“That’s why the liquid lunches and client schmoozing of yesteryear bear little resemblance to the analytics and accountability of today,” says Carey. “Today’s account managers are less salespeople and more marketers.”
Dan Fietsam (GJ88), chief creative officer at Energy BBDO, thinks changes in the industry have been greater in the past five years than in the previous 15 because of the Internet and the economy. “The Internet,” he explains, “because it is a fundamentally interactive and behavioral system versus the traditional one-way and static media. The economy, because it is a ubiquitous force, like gravity, that affects everybody and everything. The cultural shift we’ve been evolving through from ‘irrational exuberance’ [Alan Greenspan’s 1996 phrase about the overvalued stock market] to ‘we’re screwed’ influences and drives every business and consumer decision. It certainly has directed creative decision-making and output toward more proven and quantifiable ideas versus the instinctual and visionary ones.”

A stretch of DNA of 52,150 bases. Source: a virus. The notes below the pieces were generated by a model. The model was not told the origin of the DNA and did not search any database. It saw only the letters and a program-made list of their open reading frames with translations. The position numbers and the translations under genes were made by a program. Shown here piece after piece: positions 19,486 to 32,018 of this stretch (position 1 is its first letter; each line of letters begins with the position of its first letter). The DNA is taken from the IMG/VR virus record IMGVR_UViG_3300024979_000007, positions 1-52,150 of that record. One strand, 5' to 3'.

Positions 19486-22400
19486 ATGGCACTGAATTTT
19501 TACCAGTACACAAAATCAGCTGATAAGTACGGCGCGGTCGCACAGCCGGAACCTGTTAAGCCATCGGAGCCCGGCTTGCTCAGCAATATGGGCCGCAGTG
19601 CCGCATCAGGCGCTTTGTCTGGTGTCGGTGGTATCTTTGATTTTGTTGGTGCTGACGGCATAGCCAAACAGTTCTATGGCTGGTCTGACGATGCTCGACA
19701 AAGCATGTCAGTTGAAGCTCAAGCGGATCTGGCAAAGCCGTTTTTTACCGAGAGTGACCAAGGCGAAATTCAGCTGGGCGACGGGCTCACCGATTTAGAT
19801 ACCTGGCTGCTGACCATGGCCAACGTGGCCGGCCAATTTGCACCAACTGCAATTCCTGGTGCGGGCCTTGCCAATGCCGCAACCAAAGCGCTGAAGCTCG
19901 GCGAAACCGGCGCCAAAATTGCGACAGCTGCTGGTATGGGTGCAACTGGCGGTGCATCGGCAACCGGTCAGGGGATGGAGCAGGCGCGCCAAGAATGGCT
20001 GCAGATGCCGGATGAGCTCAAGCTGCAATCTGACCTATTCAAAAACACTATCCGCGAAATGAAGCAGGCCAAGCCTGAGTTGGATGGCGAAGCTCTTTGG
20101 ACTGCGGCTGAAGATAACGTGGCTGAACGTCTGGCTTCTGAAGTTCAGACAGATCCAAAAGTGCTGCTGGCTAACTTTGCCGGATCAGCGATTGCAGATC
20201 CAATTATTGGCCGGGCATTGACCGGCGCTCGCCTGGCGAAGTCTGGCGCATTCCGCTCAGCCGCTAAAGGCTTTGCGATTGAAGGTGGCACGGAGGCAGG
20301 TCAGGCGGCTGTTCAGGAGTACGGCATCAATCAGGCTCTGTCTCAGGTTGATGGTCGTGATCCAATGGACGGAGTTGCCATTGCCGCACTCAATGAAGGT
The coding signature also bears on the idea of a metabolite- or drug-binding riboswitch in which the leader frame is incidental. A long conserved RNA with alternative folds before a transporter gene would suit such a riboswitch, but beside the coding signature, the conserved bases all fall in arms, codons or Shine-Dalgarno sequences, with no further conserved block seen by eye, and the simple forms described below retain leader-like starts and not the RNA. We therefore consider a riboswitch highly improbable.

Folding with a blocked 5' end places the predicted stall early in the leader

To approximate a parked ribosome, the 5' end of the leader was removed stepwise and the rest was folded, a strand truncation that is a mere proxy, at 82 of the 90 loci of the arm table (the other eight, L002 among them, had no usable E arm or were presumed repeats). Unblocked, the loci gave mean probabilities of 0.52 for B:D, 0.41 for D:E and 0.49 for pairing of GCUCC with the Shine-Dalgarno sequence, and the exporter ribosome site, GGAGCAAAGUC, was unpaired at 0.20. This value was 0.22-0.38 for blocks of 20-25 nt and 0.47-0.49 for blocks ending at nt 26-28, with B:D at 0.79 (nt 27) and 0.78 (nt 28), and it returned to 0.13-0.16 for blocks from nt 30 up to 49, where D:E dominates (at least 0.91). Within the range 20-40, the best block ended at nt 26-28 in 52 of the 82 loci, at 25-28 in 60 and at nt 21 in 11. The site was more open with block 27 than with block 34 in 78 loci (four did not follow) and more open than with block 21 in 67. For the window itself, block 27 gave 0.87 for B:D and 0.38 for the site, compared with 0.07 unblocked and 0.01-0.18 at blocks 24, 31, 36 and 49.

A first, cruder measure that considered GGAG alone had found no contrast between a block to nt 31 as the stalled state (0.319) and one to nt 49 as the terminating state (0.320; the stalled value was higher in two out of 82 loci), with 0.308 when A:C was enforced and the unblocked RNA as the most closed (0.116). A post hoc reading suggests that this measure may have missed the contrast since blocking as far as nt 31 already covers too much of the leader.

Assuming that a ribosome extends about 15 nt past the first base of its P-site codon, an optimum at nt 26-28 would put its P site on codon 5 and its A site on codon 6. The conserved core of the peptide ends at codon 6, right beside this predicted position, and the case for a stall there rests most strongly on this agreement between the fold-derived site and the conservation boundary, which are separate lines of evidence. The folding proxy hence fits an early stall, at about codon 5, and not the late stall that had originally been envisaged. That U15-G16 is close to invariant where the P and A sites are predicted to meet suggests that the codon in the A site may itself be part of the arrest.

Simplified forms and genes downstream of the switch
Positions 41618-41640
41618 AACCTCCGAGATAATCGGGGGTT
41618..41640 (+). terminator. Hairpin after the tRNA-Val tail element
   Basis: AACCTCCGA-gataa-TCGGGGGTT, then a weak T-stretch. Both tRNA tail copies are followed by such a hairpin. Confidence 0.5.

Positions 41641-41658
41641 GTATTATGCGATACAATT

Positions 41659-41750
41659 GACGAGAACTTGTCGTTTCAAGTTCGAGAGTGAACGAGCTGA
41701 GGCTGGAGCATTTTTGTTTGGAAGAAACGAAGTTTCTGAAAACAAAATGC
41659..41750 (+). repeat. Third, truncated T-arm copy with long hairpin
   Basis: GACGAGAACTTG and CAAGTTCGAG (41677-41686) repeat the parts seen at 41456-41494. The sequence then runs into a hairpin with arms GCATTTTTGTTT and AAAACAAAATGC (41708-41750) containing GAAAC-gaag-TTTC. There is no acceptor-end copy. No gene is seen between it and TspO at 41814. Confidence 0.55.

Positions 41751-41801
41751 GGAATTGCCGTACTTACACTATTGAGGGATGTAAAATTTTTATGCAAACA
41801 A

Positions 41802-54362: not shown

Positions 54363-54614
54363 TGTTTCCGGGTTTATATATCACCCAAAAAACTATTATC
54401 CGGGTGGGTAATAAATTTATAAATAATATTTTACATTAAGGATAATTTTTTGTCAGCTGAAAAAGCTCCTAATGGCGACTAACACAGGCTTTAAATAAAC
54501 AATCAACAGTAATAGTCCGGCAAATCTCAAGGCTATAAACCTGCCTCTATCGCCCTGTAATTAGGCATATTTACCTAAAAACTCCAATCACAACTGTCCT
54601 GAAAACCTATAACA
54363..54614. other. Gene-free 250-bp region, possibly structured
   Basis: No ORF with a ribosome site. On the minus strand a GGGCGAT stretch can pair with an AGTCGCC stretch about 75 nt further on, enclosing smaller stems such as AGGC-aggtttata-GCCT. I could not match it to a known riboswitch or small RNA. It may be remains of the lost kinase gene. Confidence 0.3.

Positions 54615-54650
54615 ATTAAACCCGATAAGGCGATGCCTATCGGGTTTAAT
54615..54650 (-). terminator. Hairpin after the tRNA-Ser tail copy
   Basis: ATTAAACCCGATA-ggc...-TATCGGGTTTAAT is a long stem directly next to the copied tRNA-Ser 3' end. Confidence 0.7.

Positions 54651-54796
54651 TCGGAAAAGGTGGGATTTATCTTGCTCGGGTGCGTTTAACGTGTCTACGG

Fietsam says jobs in advertising have always been competitive, but 20 years ago “I think the agencies took more chances on ‘experimental’ creative hires. There were more stories of stand-up comics, law school dropouts, mechanics and temp secretaries getting hired just because they brought an unconventional perspective and could write or make art. Creative talent 20 years ago was more raw and less savvy about how the business worked than the youngsters are today. I’m not saying it’s good or bad, it’s just the way it was.”